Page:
Stardust by Neil Gaiman
Book of the Year 1999 (see all)
We are all familiar with books which become beloved old friends because something in their tone, style, plot or characters so much resonates with where we happen to be in our lives when we read them. I am fairly sure that part of my strong attraction to the world of Harry Potter began with the fact that when I read it I too was coming out of some rather dire circumstances in life and moving on to a new world of good friends, possibilities and stuffy old professors amid castle walls in the far north of England (I even got to eat in a great hall and occasionally wear robes).
Of course, this is by no means the only reason why particular books might strike a chord, and the faculties of imagination and empathy can still play their part in letting us experience and understand a world and situation very different from our own, something which the sad corporate executives who assume all our interactions with literature can be reduced down to sets of demographics and statistics repeatedly fail to grasp.
However, there are undoubtedly times when imaginative empathy isn’t enough, and we cannot get the most out of a book because we’re just not in the right place to appreciate it. Such was the case for me with Stardust. Back in 2008 when I first read the book, despite generally being a huge fan of Gaiman’s work I just felt there was something missing, something incomplete. I could see the book’s good qualities from a purely technical standpoint, but it was only a cold, aesthetic appreciation, a sense of “pretty” rather than “beautiful” Undoubtedly, the reason for this was my generally grim and jaded attitude towards life in general and romance in particular. So, now that my attitude is manifestly different and I’m celebrating my first wedding anniversary, rereading Stardust, and indeed introducing my lady to Stardust for the first time seemed a good idea. Sure enough this time around I was certainly not disappointed.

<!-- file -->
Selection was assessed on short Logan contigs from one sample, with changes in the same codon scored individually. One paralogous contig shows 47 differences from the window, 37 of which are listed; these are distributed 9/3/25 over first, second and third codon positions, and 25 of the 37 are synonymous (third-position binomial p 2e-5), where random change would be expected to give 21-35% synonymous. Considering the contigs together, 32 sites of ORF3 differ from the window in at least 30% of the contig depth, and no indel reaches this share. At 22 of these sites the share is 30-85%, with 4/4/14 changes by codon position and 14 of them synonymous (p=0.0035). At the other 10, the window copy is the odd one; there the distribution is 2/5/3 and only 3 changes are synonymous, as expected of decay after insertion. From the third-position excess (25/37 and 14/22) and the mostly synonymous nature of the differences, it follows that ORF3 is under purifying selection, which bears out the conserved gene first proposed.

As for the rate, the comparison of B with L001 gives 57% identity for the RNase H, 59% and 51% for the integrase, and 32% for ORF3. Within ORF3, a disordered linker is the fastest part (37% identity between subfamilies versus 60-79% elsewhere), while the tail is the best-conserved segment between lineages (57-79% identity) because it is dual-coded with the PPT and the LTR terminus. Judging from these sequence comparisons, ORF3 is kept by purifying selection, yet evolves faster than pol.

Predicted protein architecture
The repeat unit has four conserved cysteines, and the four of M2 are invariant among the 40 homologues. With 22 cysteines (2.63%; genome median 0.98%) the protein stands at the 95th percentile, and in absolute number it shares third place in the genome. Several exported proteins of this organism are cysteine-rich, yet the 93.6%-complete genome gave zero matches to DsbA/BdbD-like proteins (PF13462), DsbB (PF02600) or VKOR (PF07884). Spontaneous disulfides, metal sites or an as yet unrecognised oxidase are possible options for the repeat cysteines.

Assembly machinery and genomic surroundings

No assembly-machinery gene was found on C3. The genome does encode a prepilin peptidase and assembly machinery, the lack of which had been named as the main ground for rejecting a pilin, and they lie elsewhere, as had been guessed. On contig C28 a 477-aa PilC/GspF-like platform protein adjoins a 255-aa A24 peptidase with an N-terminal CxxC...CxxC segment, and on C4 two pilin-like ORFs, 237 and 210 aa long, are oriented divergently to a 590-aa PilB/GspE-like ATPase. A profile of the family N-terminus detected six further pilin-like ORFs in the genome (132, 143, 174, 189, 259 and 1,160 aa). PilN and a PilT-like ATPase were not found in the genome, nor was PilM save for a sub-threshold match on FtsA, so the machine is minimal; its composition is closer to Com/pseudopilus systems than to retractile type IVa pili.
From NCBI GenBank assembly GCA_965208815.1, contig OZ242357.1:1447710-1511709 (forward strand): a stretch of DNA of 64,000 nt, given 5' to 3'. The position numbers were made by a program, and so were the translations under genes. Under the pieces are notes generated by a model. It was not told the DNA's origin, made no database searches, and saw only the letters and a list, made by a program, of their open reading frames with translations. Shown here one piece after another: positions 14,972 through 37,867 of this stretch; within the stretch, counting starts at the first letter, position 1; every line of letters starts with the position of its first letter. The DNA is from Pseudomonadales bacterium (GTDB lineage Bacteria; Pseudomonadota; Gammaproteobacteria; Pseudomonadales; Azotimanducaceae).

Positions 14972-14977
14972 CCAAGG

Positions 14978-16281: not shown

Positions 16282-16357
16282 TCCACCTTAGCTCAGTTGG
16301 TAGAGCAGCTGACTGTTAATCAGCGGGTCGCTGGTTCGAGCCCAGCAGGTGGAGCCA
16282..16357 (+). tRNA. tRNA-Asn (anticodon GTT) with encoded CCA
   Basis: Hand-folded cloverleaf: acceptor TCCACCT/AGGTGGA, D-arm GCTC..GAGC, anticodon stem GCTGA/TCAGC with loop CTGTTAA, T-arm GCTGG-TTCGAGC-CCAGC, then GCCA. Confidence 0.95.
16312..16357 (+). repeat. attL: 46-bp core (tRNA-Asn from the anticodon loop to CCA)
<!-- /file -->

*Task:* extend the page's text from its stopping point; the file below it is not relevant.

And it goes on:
Stardust is unselfconsciously and most distinctly a fairy tale. Taking place in the mid-nineteenth century, the book’s setting is the mythical village of Wall somewhere in the south of England. The village is named for a large stone wall just to the east, a wall which forms the boundary to the realm of Fairy and is only crossed every nine years during a market when people from across the globe gather to trade miracles and magic with the fairy folk. One night, 17 year-old Tristran Thorn, trying to impress the beautiful Victoria Forester, sees a falling star to the east and offers to bring it to her. Victoria laughingly accepts; agreeing to do anything he desires should he bring her the fallen star.
Little does Victoria realize however that not only is Tristran perfectly serious about bringing her the star, but also that as he is half-Fairy himself (having been conceived during one of the Fairy markets), he is perhaps not as tied to the solid life of Wall as he could be, and thus quite ready to enter Fairy on a quest.
Tristran in his turn is unaware that the star falling in Fairy is actually a girl and thus definitely not something that can be easily “brought” to anybody, or that there are powerful beings also hunting the star for their own reasons, such as the hideous witch sisters the Lilim who seek to eat the heart of a star and regain their youth.
The first thing to say about Stardust, is it is a fairy tale, not merely a tale of Fairy. It bears many of the trappings of fairy tales, a young man sent on a quest to earn a lady’s hand, a maiden, at least two wicked witches, and a host of characters who appear and for their own mysterious and inscrutable reasons help out the protagonist just when they’re in trouble. And yet, despite all the trappings of a fairy tale, there is one very crucial respect in which Stardust differs from the standard setup, it offers no guarantees.